Anaphora resolution without world knowledge

Vilson J. Leffa


A typical problem in the resolution of pronominal anaphora is the presence of more than one candidate for the antecedent of the pronoun. Considering two English sentences like (1) "People buy expensive cars because they offer more status" and (2) "People buy expensive cars because they want more status" we can see that the two NPs "people" and "expensive cars", from a purely syntactic perspective, are both legitimate candidates as antecedents for the pronoun "they". This problem has been traditionally solved by using world knowledge (e.g. schema theory), where, through an internal representation of the world, we "know" that cars "offer" status and people "want" status. The assumption in this paper is that the use of world knowledge does not explain how the disambiguation process works and alternative explanations should be explored. Using a knowledge poor approach (explicit information from the text rather than implicit world knowledge) the study investigates to what extent syntactic and semantic constraints can be used to resolve anaphora. For this purpose, 1,400 examples of the word "they" were randomly selected from a corpus of 10,000,000 words of expository text in English. Antecedent candidates for each case were then analyzed and classified in terms of their syntactic functions in the sentence (subject, object, etc.) and semantic features (+ human, + animate, etc.). It was found that syntactic constraints resolved 85% of the cases. When combined with semantic constraints the resolution rate rose to 98%. The implications of the findings for Natural Language Processing are discussed.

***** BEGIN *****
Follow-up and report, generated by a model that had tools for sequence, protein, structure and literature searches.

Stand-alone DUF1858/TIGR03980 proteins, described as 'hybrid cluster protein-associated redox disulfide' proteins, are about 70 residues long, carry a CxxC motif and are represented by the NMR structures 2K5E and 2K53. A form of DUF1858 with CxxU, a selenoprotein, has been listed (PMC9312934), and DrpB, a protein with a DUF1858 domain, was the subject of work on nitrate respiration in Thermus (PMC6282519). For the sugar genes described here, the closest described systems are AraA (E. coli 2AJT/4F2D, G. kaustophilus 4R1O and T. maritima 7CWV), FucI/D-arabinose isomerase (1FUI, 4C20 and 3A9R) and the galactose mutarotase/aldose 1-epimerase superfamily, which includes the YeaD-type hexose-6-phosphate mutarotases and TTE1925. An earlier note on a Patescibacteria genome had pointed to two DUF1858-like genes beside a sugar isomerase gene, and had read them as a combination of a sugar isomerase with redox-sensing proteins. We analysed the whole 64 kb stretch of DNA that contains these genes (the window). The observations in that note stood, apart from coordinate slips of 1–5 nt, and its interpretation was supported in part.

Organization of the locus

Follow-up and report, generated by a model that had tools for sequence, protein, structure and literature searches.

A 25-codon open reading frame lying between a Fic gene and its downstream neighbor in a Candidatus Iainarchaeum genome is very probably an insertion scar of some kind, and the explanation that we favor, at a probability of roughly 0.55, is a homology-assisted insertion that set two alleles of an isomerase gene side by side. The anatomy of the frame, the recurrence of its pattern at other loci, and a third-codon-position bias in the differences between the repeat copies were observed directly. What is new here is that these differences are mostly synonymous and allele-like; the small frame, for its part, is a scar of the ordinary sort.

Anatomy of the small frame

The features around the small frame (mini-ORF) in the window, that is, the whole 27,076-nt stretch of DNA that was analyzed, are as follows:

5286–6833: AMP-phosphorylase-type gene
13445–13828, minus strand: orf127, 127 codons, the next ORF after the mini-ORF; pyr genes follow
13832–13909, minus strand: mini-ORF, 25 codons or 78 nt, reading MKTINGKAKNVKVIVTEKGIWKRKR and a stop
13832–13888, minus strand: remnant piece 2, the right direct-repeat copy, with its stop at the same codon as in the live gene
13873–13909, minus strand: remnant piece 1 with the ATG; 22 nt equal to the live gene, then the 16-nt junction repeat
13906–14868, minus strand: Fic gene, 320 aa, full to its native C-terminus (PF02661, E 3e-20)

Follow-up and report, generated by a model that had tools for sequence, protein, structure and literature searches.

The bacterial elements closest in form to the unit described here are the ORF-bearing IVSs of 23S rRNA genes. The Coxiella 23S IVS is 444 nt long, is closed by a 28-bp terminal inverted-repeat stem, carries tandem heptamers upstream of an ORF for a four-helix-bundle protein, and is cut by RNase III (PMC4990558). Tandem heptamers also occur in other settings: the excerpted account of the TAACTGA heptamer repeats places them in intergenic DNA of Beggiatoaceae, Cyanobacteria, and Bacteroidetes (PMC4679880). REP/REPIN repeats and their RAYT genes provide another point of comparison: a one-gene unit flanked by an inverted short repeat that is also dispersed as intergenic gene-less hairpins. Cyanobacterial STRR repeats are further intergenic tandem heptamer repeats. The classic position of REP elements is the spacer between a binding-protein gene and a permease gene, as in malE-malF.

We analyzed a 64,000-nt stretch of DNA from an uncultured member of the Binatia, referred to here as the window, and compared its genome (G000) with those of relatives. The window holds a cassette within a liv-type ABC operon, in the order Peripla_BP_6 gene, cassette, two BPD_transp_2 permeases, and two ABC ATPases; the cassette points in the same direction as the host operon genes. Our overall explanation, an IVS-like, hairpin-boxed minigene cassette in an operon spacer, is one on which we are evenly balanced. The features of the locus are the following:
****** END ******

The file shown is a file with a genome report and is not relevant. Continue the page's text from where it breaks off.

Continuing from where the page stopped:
Anaphora Resolution; Natural Language Processing; Textual Constraints; Ambiguity

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Revista Delta-Documentação e Estudos em Linguística Teórica e Aplicada ISSN 1678-460X